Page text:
Mingfang Ting studies the connection between planetary waves in the atmosphere and climate anomalies, such as droughts and extreme heat.

Fifth graders commemorate pioneering mapmaker Marie Tharp using comics, pictures, and poems.

New research suggests that photosynthetic green algae also eat bacteria on a previously unsuspected scale.

CO2 molecules make up only a small percentage of the atmosphere, but their impact on our climate is huge. The reason comes down to physics and chemistry.

Is a failure of wind power really behind the blackouts? How can we make sure this doesn’t happen again? Earth Institute scholars have answers to these questions and more.

She studies Earth’s past warm periods to try to understand the future, and was just named a 2021 Sloan Research Fellow.

A new study identifies a climate phenomenon that may have helped sauropodomorphs spread northward across the Pangea supercontinent.

These women are helping to unravel the mysteries and mechanics of Earth.

The doctoral candidate tells us about her research and some the challenges of being a woman of color in the sciences.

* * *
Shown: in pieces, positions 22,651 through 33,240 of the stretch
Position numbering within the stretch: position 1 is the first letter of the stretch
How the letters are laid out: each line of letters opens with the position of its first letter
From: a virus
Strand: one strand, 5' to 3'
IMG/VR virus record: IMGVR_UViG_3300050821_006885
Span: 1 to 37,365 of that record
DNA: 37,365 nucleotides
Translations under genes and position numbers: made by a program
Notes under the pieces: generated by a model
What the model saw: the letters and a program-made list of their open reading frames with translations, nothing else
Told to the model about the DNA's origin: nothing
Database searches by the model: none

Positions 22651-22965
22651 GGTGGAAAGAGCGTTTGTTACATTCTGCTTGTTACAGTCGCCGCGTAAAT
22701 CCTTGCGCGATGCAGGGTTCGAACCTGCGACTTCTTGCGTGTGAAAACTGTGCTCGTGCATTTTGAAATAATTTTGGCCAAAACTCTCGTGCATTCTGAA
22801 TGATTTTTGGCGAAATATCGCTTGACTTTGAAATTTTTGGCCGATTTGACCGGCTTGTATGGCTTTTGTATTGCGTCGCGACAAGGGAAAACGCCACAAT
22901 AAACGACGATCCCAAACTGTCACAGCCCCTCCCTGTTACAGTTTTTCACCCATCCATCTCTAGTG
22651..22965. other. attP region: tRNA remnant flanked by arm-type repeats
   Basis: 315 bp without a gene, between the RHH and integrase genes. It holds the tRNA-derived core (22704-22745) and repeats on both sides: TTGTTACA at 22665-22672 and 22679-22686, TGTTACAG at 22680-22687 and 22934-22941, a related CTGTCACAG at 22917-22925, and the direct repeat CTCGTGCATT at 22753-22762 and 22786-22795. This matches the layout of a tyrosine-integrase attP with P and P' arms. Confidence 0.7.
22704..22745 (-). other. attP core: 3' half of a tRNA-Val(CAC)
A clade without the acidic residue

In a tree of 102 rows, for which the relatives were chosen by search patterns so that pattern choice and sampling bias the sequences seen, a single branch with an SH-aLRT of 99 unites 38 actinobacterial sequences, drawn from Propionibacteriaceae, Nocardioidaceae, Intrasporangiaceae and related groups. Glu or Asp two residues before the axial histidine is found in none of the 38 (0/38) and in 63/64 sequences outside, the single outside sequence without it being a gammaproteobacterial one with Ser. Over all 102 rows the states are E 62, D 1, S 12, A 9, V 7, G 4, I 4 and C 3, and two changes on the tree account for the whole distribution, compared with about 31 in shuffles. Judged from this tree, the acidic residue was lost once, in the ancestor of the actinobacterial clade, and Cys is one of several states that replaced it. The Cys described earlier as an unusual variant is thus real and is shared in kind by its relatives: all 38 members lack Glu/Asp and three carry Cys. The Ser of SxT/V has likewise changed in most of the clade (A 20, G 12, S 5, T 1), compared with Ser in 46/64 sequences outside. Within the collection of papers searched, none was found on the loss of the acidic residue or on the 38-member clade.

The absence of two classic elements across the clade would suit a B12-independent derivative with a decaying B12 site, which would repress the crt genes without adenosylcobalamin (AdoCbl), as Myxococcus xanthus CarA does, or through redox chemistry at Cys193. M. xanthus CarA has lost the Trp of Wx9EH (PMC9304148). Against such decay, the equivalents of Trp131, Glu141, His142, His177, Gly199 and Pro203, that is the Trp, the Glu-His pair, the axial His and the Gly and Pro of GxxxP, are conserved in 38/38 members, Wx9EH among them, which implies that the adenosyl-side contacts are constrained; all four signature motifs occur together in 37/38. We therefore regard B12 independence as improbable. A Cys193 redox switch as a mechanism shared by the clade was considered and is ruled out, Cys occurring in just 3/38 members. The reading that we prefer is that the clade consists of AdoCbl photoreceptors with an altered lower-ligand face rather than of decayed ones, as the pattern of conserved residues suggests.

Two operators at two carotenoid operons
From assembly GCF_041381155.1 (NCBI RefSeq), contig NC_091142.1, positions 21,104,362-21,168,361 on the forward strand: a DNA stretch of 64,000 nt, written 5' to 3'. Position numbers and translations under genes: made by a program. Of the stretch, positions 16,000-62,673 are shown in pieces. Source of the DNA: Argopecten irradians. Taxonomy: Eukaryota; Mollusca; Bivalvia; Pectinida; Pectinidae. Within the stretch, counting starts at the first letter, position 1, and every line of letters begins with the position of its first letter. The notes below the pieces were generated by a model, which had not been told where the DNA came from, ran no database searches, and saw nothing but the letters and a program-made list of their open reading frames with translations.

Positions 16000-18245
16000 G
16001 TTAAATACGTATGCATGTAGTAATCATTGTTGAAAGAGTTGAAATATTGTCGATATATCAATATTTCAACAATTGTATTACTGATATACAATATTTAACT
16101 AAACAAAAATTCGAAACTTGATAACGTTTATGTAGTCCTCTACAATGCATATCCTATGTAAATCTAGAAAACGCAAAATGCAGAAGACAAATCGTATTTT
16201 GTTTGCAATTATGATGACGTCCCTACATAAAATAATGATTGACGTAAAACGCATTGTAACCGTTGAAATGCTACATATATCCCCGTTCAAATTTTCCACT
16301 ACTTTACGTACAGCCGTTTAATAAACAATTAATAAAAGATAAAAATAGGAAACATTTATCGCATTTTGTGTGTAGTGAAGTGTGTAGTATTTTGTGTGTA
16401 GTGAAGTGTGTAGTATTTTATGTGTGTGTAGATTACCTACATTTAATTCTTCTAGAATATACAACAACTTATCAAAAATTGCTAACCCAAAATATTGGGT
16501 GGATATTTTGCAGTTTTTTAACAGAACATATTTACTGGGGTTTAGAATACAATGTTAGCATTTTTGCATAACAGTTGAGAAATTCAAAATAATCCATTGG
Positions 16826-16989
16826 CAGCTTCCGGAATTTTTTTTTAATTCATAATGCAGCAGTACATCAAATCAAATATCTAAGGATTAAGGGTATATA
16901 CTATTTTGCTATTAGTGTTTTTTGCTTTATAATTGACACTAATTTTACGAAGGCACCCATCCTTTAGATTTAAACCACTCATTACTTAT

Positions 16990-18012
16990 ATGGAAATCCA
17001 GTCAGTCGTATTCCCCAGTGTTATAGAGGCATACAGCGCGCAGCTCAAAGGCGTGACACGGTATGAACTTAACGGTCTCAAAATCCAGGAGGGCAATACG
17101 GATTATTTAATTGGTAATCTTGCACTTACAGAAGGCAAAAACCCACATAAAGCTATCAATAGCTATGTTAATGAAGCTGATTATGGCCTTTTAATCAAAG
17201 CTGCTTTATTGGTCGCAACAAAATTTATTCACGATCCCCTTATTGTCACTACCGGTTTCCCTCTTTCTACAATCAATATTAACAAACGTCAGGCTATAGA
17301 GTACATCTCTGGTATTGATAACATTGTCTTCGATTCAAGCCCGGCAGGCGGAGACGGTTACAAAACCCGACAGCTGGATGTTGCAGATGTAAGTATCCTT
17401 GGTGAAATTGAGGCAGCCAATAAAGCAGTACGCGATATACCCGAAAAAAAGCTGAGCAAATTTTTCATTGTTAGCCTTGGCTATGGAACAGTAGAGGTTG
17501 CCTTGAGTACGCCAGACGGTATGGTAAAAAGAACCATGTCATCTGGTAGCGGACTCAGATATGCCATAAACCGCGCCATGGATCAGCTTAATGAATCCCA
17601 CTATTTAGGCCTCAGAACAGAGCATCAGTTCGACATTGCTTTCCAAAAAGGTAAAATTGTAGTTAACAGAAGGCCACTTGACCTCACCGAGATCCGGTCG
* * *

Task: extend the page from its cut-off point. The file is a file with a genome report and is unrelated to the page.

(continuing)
She’s trying predict fecal bacteria contamination of the river, and researching how environmental degradation disproportionately harms disadvantaged communities.

Volcanologist Einat Lev tackles reader questions and explains how more monitoring of volcanoes could save lives.

She takes care of hundreds of kilometers of deep-sea sediments that are invaluable to science, and recently received a mentorship award.

Paleoecologist Kevin Uno explains how humans have been adapting to changes in climate for thousands of years, and how we need to adapt now to protect our species’ future.

We’ve lost 28 trillion tons of ice globally in 24 years, from 1994 to 2017, and the implications for sea level rise could be significant.

Climate scientist Radley Horton tackles questions about climate tipping points, and how we can tip the scales in a safer direction.